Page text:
California: Living and Eating, cookbook review – sunny recipes from the Golden State, from short rib tacos to daikon noodle soup

California Living and Eating
Cooking the books: how to eat like a Californian, according to Eleanor Maidment (pictured left) Credit: Nassima Rothacker

The Golden State is famed for its health-conscious, sun-kissed lifestyle, and many trends in Californian cookery have already made their way to the UK, from the farm-to-table movement to the fusion cuisines of LA.

There’s a freedom and wholesomeness to the way Californians eat, which I’m drawn to: so when former Waitrose food editor Eleanor Maidment (a London-born Cali-phile) published a cookbook dedicated to recipes inspired by her travels there, I was intrigued...

 

The cookbook

California: Living + Eating (published by Hardie Grant, £22)

Th recipes are intended typify the spirit of Californian food, so Maidment’s focus is on seasonality and fusing traditions, with a “sub-conscious” drive towards healthy eating. It’s split into five chapters: Morning Sun (I loved the look of Mexican-inspired huevos rancheros), All Day Every Day (colourful, light plates for sharing), Twilight (heartier, warmer dishes), Sides and Sauces and finally, Fully Baked.

The chapters are interspersed with meditations on ingredients and themes, from sourdough to viticulture, telling the story of the evolution of the food scene. Finally, she shares 36 of her favourite places to eat (mostly casual and inexpensive), from the Swan Oyster Depot in San Francisco to Galaxy Taco in San Diego – a nice touch.

The recipes: what I tried and how they turned out

I chose a selection of dishes to reflect the produce of California: from black grapes to Hass avocados (California produces over 90 per cent of avocados grown in the US).

Avocado, radish and walnut salad

Right; Eleanor Maidment's avocado salad; left; Madeleine Howell's attempt at home Credit: Nassima Rothacker/Madeleine Howell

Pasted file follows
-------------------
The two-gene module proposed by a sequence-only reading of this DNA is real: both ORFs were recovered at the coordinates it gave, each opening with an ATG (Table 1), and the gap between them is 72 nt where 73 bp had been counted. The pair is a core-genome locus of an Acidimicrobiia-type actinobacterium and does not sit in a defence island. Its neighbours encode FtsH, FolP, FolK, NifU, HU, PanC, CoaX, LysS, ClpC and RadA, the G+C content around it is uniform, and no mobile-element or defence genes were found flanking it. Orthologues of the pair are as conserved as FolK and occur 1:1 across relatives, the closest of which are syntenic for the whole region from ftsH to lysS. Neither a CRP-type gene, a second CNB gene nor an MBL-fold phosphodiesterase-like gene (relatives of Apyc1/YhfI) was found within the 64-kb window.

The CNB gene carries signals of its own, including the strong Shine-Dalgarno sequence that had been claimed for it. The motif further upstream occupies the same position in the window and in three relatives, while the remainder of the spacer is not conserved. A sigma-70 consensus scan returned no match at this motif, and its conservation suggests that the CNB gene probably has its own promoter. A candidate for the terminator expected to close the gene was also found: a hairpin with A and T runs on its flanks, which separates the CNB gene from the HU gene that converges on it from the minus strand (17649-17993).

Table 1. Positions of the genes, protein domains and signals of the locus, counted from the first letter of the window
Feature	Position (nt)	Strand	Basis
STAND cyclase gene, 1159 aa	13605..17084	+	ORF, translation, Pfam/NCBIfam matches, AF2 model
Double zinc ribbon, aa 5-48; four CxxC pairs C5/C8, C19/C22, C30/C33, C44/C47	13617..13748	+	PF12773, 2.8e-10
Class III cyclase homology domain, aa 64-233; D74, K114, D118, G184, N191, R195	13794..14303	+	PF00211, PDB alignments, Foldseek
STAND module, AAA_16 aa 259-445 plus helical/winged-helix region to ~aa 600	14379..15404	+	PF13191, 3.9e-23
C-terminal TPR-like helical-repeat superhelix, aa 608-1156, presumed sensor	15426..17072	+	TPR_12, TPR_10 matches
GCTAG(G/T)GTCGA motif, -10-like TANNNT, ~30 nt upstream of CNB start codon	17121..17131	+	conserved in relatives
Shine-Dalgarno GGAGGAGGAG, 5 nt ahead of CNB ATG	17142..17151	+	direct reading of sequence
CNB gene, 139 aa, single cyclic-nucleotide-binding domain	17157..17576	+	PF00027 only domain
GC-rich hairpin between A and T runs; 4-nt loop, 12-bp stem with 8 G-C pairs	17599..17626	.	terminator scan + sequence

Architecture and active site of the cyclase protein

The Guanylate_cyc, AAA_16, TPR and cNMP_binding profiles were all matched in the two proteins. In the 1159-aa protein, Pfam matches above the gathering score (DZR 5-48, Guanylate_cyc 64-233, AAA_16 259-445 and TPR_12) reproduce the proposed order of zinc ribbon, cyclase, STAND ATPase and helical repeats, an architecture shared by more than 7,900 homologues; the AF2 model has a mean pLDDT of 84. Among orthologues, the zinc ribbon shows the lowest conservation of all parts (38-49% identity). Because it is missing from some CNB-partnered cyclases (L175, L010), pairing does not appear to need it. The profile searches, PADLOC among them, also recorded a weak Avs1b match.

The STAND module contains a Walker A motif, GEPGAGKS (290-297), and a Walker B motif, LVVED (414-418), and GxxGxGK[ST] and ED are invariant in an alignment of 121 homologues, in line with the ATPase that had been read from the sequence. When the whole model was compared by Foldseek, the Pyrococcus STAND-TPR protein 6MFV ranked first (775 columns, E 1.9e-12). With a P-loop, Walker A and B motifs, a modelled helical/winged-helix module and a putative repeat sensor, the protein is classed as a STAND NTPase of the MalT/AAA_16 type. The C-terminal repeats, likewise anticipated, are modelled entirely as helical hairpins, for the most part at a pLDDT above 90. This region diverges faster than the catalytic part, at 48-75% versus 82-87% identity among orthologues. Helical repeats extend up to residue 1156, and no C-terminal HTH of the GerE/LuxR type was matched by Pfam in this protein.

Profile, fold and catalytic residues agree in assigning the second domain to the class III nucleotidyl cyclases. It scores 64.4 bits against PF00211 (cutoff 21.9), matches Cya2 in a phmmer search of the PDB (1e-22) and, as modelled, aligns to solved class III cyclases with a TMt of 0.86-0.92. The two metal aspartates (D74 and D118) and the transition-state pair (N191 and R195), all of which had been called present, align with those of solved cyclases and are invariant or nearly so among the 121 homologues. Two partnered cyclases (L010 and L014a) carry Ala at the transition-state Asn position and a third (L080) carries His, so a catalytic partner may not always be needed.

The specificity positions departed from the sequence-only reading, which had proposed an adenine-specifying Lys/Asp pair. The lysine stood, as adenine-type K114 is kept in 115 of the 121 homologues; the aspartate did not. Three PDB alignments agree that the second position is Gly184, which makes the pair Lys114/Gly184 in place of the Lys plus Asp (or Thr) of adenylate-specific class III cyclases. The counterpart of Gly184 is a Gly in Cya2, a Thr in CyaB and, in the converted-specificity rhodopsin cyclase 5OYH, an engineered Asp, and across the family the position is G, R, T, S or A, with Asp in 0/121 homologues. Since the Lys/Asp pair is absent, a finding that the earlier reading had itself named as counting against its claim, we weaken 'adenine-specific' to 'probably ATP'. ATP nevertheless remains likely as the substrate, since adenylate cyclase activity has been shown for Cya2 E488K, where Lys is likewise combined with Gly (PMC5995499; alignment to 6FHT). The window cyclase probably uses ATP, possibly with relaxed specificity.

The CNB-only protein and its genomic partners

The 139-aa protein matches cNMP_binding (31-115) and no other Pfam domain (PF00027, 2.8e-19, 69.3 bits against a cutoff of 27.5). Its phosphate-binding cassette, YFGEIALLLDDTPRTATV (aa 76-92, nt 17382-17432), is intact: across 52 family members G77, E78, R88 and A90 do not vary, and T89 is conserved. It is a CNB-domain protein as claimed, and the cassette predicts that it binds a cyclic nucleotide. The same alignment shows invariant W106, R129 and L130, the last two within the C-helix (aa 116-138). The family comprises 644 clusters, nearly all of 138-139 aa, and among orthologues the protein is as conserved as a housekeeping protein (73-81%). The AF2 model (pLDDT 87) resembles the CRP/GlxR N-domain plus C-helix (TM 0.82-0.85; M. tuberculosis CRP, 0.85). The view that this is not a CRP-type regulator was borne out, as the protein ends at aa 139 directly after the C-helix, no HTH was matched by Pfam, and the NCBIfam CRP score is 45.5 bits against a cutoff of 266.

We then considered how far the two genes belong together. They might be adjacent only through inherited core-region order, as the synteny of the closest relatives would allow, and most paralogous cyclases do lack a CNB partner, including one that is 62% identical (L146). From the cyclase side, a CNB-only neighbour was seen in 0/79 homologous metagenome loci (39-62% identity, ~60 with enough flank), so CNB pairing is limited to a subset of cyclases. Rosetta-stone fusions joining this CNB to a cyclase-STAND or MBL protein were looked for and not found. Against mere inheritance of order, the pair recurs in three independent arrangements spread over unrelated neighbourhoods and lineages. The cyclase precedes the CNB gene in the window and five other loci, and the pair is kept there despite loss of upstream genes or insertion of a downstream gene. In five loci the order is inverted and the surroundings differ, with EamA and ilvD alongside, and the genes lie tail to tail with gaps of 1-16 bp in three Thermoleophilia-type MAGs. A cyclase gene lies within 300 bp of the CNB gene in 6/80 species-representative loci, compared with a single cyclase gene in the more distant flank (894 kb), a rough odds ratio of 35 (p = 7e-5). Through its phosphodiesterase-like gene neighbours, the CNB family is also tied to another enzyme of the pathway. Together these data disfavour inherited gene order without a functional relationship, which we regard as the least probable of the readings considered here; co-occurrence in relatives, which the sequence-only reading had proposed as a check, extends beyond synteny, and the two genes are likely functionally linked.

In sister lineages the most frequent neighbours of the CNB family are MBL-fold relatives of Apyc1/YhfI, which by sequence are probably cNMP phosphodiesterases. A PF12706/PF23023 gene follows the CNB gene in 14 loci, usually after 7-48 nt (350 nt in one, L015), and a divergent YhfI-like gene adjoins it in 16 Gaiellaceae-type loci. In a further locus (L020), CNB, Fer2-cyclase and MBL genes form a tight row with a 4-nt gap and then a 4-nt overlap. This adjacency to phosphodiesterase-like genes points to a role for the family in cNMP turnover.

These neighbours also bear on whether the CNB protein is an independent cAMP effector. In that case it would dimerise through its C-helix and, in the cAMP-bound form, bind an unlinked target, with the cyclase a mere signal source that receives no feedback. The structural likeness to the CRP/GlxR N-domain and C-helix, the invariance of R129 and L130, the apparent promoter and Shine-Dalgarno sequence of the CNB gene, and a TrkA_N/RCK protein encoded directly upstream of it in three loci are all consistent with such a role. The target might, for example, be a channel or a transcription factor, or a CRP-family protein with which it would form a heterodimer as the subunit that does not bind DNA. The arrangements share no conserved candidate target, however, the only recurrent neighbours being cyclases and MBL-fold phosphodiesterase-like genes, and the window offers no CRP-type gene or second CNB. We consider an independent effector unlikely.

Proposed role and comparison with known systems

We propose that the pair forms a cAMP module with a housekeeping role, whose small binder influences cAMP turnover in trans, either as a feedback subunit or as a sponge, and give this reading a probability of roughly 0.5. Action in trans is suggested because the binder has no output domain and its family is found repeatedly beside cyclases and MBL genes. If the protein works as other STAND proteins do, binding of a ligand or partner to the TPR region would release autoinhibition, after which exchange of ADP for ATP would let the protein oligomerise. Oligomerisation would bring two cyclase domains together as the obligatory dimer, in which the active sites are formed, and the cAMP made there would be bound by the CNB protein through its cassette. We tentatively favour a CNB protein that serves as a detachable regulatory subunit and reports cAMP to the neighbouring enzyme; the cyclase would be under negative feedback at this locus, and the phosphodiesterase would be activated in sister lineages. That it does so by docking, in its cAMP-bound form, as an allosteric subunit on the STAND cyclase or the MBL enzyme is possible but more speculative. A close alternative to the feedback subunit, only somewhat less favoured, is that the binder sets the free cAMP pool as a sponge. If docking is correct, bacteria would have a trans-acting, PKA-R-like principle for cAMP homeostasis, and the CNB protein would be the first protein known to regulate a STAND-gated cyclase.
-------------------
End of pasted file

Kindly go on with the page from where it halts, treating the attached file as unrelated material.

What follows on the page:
Texture is king in this salad, the cool freshness of the radish counterbalancing the creaminess of the avocado, with added crunch from toasted walnuts. The carrot and miso dressing is a faff to make and required a blender, but adds a strong umami, savoury flavour to the plate. It turned what could have been a boring-but-healthy lunch into something novel, colourful and exciting – and I made extra to keep in a Kilner jar.

Coriander, coconut and daikon noodle soup

Credit: Nassima Rothacker/Madeleine Howell

This broth is time-consuming, simmered for three hours. For the daikon ringlets, you also need a spiraliser. But I was surprised at the resulting balance of flavour built into the vegan bowls: a balance of sour lime, sweet maple syrup and salty tamari. The savoury topping of baked sweet potatoes with shiitake mushrooms was my favourite element of the dish. The broth proved a little thin, and could perhaps do with the addition of coconut milk. 

Roast chicken with grapes, onions and sourdough

Roast chicken with grapes, onions and sourdough Credit: Nassima Rothacker/Madeleine Howell

Maidment takes inspiration from San Francisco’s Zuni Café, famed for its roast chicken with bread salad. Black grapes nestle in the pan to provide unexpected bursts of sweetness.

I used San Franciscan-style sourdough from Gail’s Bakery to sit alongside the chicken and to mop up the juices, mingled with onion, herbaceous rosemary, white wine and acidic, fresh lemon.

Short rib tacos with simple slaw

 Short rib tacos with simple slaw Credit: Nassima Rothacker/Madeleine Howell

These Korean-Mexican hybrid tacos are inspired by LA’s famed Kogi BBQ taco trucks. The marinade was a success: a concoction of soy sauce, chilli bean sauce, Shaoxing rice wine (I substituted this with Japanese rice vinegar), brown sugar, garlic and ginger. It rendered the meat (grilled in the oven for five minutes either side) even more tasty in leftover wraps the next day.

Cioppino (fisherman’s stew)

Cioppino (fisherman’s stew) Credit: Nassima Rothacker/Madeleine Howell

This fresh tomato stew was inspired by the Italian immigrants who settled in San Francisco and would collect leftovers from the fishing boats on the wharf. It’s delicate and not too heavy, with the addition of a perfumed, aniseed-y fennel bulb. Made in one dish, it’s easy to make – though I wasn’t organised enough to prepare fresh fish stock. To feed a crowd, serve with crusty sourdough.  

The verdict

This cookbook will encourage you to experiment with new flavours in unexpected ways. It’s a fairly accessible introduction to California-style eating (though you may need to stock up on some of the more unusual ingredients), with beautiful photography of both dishes and scenery. It may also tempt you to book a plane ticket...